I mentioned that my friend's cousin should try to save the eggs of the female moth (in the picture, the two were mating). She said raising moths wasn't really her cup of tea, but mentioned that I could claim the eggs -- and the moths -- if I so desired. It took me about ten minutes to decide whether it would be worth it to drive out to Menomonee Falls from Tosa to retrieve the moths. The decision was made when my friend's cousin told me that to prevent them from flying off while I was en route to her house, she coaxed them onto a stick and then put them in a five-gallon bucket with a screen top. "I'll be over right after dinner," I said.

I am now delighted to have in my brief possession a beautiful mating pair of Promethea moths. The male has wings that are a rich, dark brown (almost black) with waves of lighter browns on the back and more reddish colors underneath. Sadly, his wings are now tattered from all the time spent in flight, searching for a mate. The female's wings are in better shape at this point; they're a beautiful reddish-brown, with dots and waves of white and brown and other lovely accents. The wingspan is between three and four inches.

Naturally, I turned to the Canadian moth guru Bill Oehlke for information on how to rear Promethea offspring. I'm hoping the female will lay her eggs on a paper towel I placed in the five gallon bucket.

Here are two photos. The first is the best shot I could get of the active-but-worn-out male and the impregnated female; the second is a close-up of the female.

These two Promethea join the nine-plus Lunas that have eclosed over the last couple of days inside my moth terrarium. I already have eggs from one mating pair of Lunas and look forward to raising a new generation of caterpillars -- hopefully two kinds!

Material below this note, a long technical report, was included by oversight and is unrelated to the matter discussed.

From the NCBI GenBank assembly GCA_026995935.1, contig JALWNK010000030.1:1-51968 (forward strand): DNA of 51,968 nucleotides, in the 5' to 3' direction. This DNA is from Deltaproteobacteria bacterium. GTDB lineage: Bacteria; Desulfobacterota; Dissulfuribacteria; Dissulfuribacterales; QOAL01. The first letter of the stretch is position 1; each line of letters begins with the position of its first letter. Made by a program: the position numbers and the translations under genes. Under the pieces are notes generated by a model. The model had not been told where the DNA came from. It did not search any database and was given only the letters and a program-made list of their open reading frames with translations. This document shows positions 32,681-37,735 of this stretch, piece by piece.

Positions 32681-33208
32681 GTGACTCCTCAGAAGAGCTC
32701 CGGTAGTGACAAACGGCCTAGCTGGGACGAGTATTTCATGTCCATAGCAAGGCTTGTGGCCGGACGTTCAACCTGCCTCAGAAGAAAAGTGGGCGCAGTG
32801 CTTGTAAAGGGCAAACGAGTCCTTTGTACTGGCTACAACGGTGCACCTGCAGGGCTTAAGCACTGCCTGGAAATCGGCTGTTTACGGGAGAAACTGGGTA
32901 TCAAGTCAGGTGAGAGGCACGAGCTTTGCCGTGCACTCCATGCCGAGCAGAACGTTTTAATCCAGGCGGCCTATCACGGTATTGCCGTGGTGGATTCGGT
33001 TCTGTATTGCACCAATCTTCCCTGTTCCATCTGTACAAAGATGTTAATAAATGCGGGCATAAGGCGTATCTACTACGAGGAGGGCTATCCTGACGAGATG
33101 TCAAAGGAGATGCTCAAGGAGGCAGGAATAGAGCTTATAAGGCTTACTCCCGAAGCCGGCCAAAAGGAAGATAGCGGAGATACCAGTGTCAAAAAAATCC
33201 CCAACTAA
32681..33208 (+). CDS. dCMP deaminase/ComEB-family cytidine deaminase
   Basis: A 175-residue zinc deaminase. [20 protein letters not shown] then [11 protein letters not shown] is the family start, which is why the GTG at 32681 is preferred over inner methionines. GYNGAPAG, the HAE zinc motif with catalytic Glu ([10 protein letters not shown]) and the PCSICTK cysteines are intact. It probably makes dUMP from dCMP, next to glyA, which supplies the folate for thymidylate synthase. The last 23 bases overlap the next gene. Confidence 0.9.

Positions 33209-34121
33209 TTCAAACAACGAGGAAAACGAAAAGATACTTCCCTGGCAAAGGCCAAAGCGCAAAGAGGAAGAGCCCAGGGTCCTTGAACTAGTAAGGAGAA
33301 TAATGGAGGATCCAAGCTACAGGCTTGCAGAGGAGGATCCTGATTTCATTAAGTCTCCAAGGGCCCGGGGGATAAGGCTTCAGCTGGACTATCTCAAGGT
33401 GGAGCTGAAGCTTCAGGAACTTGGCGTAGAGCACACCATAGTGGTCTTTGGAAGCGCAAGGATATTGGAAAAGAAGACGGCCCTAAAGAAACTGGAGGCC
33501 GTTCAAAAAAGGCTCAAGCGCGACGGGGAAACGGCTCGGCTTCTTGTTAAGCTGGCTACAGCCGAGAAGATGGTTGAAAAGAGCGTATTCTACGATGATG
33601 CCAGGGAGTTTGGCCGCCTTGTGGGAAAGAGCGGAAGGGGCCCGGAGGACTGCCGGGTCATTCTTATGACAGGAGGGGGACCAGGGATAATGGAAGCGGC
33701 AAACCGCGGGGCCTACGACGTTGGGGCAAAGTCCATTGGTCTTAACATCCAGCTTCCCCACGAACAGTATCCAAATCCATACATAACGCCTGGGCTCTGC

Saturday, July 11, 2009

A Bright Moon in a Dark Sky

I realize it's been a while since I last posted to the blog, and frankly, it's probably because I've been a bit depressed since the caterpillars pupated. It's that time of year when so many people are out of town, the Fourth of July is over, and summer vacation gets into a kind of lull. Beyond that, though, there've been a few little upsets that got me down. For example, it looks like a creature of some sort snatched my baby pomegranates, because they're gone. My yard is starved for rain, the rain barrels are empty. Worst of all, I have *another* raging case of compost gnats in my vermicompost bins, an embarrassing problem for someone folks think of as a "go to person" on the subject of vermicomposting. I'm not sure whether to bring in the heavy artillary (beneficial nematodes) or perhaps dump the bins in my outdoor composter and start over with new worms. There is nothing worse than having to examine every beverage before taking a sip to make sure there aren't any gnats floating in the top. Major nasty.

So then today I got to spent a few hours with my mother-in-law and a friend at eight private gardens for the annual Secret Gardens of Wauwatosa Tour, which was great. I saw so many lovely things today that it inspired me to keep plugging away at my own gardens. At the same time, though, when I got home my own yard suddenly looked rather pathetic and messy, which again has me feeling glum. There's still so much work to do, and it's time consuming, potentially expensive work. Ugh.

Yes, fanatic growers do have their rough spells.

Thankfully, amid all this self-pitying I was given a special gift. When I sat down at my computer this afternoon, I looked over at the bankers box in which all my cocoons are sitting and saw one pale Luna moth resting inside. With the help of my two older daughters we gently lifted him out of the box and put him inside my screened butterfly terrarium.

Here are two photos of my new moth:

Isn't he sweet?